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In this seventh installment of the Ju-on franchise, a school teacher visits the home of a boy who's been absent from school for a long period of time, unaware of the horrific tragedy which occurred in the boy's household many years ago.
Pregnant Joey (Shu Qi) teeters on the brink of madness after several fruitless suicide attempts. She's the unwilling recipient of an influx of shadowy images that haunt her pervasively. In an attempt to quell this disturbing phenomenon, she looks up with her secretive ex-lover Sam (Tik Jesadaporn Pholdee), who may be able to shed some light upon the mysterious twilight world descending upon Joey. Written by
The Pang Brothers return with a very bizarre sequel to "The Eye". Bizarre, not only due to The Eye 2 not following on from the original film in any way, but also due to the fact that this film almost represents a change of genre. The Eye 2 is more of a supernatural thriller than a typical horror film; the tension arises from mysterious events rather than carnage or bloodshed. The result is an unusual and disturbing entry into one of the best Asian horror franchises.
The Eye 2 introduces us to a new heroine, Joey, who indulges in a shopping spree before swallowing a bottle of pills in a very weak suicide attempt (she asks hotel staff to check in on her before doing the deed). Joey is revived in hospital but her near death experience gives her the ability to see spirits. This new gift only becomes stronger when Joey discovers that she is unexpectedly pregnant. There should be something exploitative about a horror movie that chooses a suicidal, pregnant woman as its subject matter. And to a certain extent, there is a mean spirited edge to The Eye 2. However, this scenario also allows the Pang Brothers to create an intensely disturbing atmosphere and display much of the visual virtuosity that has found them an international following.
The film's sense of tension builds rapidly after a slow first half. Joey begins to see more dead people and after consulting with Buddhists, comes to believe that a spirit is intent on possessing her unborn child. The Pang Brothers explore this set up with a number of memorably set pieces. The image of the falling corpses in the bus-stop scene lingers, the ghost under the table at the restaurant is unnerving and the creepy, womb raiding ghosts would turn anyone off having children.
The Pang Brothers are such masters at creating tension and suspense through their eerie visuals and excellent use of sound that you almost forget that this is all window dressing for a paper thin plot. For example, one of the film's major failings is that Joey's suicidal behaviour is never explained. This makes Joey's incredibly self-destructive behaviour difficult to gage. It's hard to tell if Joey is suicidal or completely psychotic. The reasoning behind this may well have been that Joey's ambiguous mental state increases the sense of hysteria. And to a certain extent it does, but it also makes it difficult to connect with Joey and her plight. The re-incarnation sub-plot is also barely explained and Joey's relationship with her ex-boyfriend remains a mystery.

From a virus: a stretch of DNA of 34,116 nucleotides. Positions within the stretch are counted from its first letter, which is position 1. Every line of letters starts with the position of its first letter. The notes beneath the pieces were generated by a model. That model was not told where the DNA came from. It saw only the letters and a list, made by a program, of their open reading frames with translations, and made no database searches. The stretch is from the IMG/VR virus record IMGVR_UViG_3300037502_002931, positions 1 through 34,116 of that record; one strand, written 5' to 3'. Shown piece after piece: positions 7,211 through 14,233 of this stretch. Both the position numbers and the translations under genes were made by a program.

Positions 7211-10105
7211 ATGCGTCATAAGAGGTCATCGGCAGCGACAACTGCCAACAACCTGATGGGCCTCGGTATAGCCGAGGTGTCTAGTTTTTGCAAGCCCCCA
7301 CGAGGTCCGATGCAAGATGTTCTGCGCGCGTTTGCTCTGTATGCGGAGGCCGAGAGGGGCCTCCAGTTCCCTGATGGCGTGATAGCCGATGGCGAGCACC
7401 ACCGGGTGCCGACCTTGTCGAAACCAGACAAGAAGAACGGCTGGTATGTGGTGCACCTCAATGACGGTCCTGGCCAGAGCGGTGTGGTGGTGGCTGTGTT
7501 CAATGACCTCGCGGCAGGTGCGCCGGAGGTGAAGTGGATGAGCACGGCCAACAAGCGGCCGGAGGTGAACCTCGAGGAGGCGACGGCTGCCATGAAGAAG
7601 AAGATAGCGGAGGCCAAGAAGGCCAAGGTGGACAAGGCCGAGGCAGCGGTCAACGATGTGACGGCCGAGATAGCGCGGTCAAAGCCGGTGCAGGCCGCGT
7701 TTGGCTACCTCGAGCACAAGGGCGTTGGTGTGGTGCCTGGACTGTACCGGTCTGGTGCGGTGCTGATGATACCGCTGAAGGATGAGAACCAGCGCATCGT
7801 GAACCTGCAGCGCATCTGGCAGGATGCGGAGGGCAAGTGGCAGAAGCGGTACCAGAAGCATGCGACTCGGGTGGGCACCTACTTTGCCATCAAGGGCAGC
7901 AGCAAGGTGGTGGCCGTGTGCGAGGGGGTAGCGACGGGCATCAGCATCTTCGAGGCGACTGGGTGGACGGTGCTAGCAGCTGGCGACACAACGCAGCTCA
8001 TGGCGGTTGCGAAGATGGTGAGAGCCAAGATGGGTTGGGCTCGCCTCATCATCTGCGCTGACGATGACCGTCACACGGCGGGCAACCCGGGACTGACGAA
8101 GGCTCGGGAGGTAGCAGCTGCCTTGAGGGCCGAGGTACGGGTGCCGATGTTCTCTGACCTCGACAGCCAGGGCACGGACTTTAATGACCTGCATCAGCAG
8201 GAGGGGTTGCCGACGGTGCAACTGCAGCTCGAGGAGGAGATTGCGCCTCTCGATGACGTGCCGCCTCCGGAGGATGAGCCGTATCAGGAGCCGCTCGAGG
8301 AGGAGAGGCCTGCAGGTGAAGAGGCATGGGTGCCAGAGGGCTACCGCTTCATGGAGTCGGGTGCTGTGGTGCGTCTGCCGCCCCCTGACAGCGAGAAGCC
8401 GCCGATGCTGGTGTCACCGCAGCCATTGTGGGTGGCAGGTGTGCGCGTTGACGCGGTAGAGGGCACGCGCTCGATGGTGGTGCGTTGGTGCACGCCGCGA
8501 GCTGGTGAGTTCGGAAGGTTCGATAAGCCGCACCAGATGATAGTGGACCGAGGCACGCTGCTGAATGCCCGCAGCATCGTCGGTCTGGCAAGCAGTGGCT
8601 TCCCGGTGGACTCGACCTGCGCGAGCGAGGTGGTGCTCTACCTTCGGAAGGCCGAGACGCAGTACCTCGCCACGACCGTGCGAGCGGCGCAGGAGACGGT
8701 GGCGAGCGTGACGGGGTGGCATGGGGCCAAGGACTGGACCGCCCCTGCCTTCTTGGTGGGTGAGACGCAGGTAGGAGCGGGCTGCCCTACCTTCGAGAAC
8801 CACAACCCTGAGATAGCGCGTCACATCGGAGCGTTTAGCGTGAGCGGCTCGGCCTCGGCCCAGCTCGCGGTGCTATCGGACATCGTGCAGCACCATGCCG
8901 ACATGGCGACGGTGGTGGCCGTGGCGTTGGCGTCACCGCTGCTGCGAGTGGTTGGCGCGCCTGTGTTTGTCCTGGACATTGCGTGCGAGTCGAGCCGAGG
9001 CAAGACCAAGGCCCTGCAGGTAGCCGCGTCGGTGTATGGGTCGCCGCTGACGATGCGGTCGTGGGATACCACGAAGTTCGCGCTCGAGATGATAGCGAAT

The film's flaws are more than compensated for by the impressive visual effects, creepy atmosphere and brutality. The Pang Brothers' unique sense of visual style, which could best be described as film noir on hallucinogenic drugs, remains intact. In many ways, this is the only real connection with the first film. The Eye 2 is more derivative than its predecessor. For example, imagery such as the floating ghosts, owe a debt to Japanese horror. However, there is more than enough originality on display here to demonstrate the huge potential of these filmmakers. The visual effects are polished and the Pang Brothers' direction is as hyper as ever.
The film also displays a mean streak that differentiates it from many other movies of its genre. Joey, played with great skill by Taiwanese star Qi Shu, is not your typical scream queen; she's not represented as a fighter or survivor but the victim of circumstance. Joey attempts to commit suicide, is rejected by her boyfriend, finds out she's unexpectedly pregnant, almost raped, asks for an abortion, tries to kill herself at home and then twice more for good measure, in an extended and admirably tasteless scene, in hospital. The imagery may be surreal but the canvas on which it is placed is relentlessly grim and gritty.
The Eye 2 is suspenseful and wonderfully atmospheric but there is little depth to the proceedings. However, this is unlikely to turn off too many genre fans. My only reservation is that the Pang Brothers are clearly capable of more.
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